Small world or six degrees of remoteness
Imagine a graph whose tops are all people on the earth, and the ribs are dating. If two people are familiar, there is an edge between the corresponding vertices. The hypothesis of six degrees of remoteness suggests that between any two vertices there is a path no longer than six edges.
The author of the hypothesis is Stanley Milgram, who conducted an interesting experiment in 1967. He wrote several hundred letters to two recipients from Boston and distributed them to random people from two American states. People had to send letters to their friends living as close to the addressees as possible. Only a fifth of the letters reached the addressees. These letters went through an average of six intermediaries. Unfortunately, the result of the experiment can equally be considered both a failure and a confirmation of the theory.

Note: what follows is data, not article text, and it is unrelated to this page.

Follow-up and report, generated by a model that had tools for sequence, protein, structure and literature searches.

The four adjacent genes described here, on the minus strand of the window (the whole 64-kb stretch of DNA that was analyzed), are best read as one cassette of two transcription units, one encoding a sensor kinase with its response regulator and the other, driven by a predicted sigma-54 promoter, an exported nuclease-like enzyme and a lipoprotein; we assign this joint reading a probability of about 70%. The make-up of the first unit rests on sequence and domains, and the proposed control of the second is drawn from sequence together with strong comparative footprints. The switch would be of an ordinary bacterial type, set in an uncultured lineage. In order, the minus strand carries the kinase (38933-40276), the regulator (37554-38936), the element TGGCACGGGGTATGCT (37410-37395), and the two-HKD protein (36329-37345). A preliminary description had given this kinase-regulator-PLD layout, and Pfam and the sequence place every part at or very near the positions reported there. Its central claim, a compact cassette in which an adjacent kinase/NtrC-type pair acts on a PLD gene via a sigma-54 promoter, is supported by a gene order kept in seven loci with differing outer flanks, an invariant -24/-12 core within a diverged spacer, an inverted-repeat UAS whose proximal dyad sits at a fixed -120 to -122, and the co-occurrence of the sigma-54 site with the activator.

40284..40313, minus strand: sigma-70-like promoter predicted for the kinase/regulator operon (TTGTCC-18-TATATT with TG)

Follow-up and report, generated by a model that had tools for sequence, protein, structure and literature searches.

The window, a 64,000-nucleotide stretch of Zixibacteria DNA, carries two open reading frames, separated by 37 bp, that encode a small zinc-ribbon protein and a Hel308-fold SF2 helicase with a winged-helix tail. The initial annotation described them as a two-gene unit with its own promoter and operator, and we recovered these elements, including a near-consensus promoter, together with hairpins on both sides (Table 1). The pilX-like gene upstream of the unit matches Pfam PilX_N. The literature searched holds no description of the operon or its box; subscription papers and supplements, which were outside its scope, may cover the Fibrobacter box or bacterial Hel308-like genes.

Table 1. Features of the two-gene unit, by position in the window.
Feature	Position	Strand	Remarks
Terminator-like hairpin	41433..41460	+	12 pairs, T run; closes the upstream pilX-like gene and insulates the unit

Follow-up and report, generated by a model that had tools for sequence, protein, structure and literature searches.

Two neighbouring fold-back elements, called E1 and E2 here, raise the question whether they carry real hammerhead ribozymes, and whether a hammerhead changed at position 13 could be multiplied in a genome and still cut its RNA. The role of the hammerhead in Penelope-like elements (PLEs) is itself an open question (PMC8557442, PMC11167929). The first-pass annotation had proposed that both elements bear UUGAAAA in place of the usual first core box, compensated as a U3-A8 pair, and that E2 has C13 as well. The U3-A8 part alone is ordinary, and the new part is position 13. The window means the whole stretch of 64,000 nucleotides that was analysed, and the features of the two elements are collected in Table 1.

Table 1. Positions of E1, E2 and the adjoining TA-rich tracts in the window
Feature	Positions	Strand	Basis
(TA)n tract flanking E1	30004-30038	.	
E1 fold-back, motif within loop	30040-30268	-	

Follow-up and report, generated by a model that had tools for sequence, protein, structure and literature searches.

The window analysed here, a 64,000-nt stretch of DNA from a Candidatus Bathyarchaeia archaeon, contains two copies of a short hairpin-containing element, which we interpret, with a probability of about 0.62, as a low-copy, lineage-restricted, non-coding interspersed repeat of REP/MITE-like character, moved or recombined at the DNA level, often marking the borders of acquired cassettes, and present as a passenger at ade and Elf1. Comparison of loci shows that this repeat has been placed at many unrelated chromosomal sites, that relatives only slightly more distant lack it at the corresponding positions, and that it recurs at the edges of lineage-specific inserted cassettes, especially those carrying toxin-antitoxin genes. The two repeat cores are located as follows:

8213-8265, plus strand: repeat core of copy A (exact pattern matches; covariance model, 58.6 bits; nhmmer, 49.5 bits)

You can read more about popularizing hypotheses and experiments on the English wikipedia en.wikipedia.org/wiki/Six_degrees_of_separation .
What is a social network? This is a subgraph of the graph described above. You no longer need to send letters. The database of any social network contains all the necessary information for the experiment. Habr suggests us to look at the list of friends of the second round. But don’t you wonder how many people are on the third round? And on the sixth?
Why did I write this topic? Because I want to interest authors and owners of social networks. And I want to know the results of such experiments.
PS By the way, on the front page of my circle there is a mention of this hypothesis.